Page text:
Fields of Dreams, Streetcars of Desire

What is the role of DESIRE in your life? Or perhaps the question to ask is: Is there a role for anything else? Choose a set of desires and everything in life is determined from there. The thing is, we don't choose our desires. Desires just appear on their own.

What desires are grabbing hold of you these days? What do you want?

In the 1989 film, “Field of Dreams,” Kevin Costner goes to see the reclusive writer played by James Earl Jones. Jones tries to chase him away, but Costner prevails upon him to go to a baseball game. They’re at the game, standing in front of the concession stand.

Costner: “So what do you want?”
Jones: “I want them to stop looking to me for answers, begging me to speak again, write again, be a leader. I want them to start thinking for themselves. I want my privacy.”
Costner (pointing to the concession stand menu): “No, I mean, what do you WANT?”
Jones: “Oh. Dog and a beer.”

It’s wonderful to see Jones’ character relax into the present. There he was getting into his familiar wind-up about people, with the unreasonable things they do and want – these people this and those people that. What a relief it always is to set that aside -- to come back to: what’s right here. Why, it’s a baseball game, with concessions in the offing. There is nothing to want more complicated than, “dog and a beer.”

Desire seems to take us down the tracks that it wants, without our choosing. Can we ever get off of the streetcar named "desire" -- or do we only switch from one to another, without choosing the switch either?

The screen adaptation of Tennessee Williams' play, "A Streetcar Named Desire,” is best remembered for Marlon Brando's anguished cry of desire for connection and acceptance, calling out for his wife, "STELLAAAaaa!" Brando's character, Stanley Kowalski, had hit Stella, and Stella sought refuge in the neighbor’s upstairs apartment. Later, in remorse and desire, he cries after her.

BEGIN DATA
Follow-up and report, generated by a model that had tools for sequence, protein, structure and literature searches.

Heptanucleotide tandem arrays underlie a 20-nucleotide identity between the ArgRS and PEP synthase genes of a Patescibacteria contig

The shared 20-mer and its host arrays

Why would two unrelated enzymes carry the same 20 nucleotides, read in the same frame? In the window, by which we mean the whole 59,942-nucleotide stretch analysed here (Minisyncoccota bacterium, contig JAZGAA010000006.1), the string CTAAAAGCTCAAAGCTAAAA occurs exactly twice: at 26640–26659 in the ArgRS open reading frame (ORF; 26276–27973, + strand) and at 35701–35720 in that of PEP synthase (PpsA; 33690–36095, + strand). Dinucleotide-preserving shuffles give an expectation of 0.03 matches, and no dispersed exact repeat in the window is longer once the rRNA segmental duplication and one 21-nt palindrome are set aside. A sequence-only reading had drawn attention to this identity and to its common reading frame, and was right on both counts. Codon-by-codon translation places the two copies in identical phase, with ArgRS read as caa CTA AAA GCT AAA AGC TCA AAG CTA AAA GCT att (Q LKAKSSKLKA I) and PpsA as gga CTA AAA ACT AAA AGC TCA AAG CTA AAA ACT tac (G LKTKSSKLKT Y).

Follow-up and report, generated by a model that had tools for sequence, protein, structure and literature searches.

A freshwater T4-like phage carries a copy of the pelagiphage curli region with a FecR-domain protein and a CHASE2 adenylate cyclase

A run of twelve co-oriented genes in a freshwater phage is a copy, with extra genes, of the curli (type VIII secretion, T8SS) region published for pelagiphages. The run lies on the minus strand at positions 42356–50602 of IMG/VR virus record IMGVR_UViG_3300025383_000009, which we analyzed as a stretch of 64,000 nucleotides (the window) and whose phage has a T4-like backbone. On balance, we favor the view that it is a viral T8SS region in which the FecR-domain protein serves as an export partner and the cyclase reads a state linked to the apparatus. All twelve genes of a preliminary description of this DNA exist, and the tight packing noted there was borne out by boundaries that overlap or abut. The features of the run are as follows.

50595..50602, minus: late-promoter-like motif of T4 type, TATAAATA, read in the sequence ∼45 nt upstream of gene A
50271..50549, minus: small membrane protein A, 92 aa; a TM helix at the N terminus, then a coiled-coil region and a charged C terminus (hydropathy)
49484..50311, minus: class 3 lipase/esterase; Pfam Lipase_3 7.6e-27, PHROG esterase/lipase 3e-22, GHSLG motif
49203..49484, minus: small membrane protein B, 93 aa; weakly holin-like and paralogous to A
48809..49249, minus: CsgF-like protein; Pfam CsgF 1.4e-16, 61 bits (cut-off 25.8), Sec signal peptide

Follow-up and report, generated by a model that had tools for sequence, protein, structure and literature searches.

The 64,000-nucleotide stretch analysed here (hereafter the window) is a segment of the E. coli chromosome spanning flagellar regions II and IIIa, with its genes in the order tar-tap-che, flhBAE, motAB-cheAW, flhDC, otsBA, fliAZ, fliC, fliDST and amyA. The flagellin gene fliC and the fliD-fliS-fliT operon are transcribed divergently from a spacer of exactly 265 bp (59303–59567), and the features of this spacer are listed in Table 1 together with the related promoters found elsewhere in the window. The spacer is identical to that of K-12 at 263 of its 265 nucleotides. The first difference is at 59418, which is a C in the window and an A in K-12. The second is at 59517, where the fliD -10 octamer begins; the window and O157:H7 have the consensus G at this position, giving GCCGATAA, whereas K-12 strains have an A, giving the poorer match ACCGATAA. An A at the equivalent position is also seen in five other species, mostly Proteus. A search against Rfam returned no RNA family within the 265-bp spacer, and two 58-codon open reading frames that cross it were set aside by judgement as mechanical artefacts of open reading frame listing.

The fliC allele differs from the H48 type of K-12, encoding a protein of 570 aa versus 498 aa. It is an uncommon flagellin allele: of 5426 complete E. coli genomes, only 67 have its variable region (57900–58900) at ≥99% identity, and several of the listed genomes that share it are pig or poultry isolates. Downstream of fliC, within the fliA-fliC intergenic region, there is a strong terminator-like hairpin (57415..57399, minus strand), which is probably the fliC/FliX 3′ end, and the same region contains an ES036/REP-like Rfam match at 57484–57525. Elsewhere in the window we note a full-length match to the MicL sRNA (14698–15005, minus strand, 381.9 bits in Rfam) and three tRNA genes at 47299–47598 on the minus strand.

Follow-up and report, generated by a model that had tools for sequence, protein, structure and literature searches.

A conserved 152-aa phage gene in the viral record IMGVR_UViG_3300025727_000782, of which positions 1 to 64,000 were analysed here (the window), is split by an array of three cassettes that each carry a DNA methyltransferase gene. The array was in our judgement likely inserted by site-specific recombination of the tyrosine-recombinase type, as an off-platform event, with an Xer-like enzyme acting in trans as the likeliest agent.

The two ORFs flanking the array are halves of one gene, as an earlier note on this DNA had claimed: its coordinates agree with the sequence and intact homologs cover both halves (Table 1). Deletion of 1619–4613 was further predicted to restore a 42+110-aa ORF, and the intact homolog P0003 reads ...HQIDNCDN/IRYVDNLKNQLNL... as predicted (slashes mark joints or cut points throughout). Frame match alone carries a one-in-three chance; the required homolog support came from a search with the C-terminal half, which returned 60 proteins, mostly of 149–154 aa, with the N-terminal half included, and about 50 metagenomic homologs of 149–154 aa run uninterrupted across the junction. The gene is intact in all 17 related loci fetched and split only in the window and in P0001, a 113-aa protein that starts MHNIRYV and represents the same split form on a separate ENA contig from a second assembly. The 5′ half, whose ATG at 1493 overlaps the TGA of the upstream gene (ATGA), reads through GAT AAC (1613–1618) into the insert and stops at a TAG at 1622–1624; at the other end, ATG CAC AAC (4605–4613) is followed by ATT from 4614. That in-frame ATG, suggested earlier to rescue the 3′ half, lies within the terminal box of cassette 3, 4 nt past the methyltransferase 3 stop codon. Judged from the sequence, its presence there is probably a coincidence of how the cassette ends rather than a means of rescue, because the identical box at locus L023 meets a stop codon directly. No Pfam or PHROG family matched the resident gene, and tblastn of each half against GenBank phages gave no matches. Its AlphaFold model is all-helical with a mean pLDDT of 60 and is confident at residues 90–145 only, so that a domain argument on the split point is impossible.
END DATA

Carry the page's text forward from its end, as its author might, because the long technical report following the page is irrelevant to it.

We spend much (all?) of our lives riding on that streetcar named desire. There actually, incidently, was a streetcar line called the Desire Line in New Orleans. It ran from 1920 to 1948, when streetcars were at their height in that town. The route ran down Bourbon, through the Quarter, to Desire Street and back up to Canal. When Stella’s sister, Blanche Dubois, comes to visit the Kowalskis, she describes her route:
"They told me to take a streetcar named Desire, transfer to one called Cemeteries and ride six blocks and get off at — Elysian Fields!"
That particular route is fictitious, and will, as we learn more about Blanche, represent how Blanche’s ride on desire has led to her spiritual death – for desire leads to Cemeteries and Elysian Fields, the land of the dead in Greek mythology.

Desires pop into our heads, seemingly out of nowhere. We don’t choose our desires, we discover them. They just show up at the door, like Blanche Dubois with a big suitcase, ready to move in and start asking us to do their bidding.

And we do need them. We need desire. Desire, after all, is another word for caring about something. Desirelessness would be deep, paralyzing depression – not able to move because not able to want what moving could get. Evolution built us to want to find food, avoid predators, find a mate. Evolution made sugary foods feel good because it was better for us to eat fruit that was ripe. Fatty foods feel good because out on the Savannah 10 million years ago, we needed all the fat we could get. Making love feels good, and nurturing feels good, especially for young adult females, and chasing down game feels good, especially for young adult males, because evolution needed us to do those things – or, we might say more precisely and simply: the ones that did those things made more copies of themselves.

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This is part 1 of 5 of "Desire."

Next: Part 2: "First, Notice"

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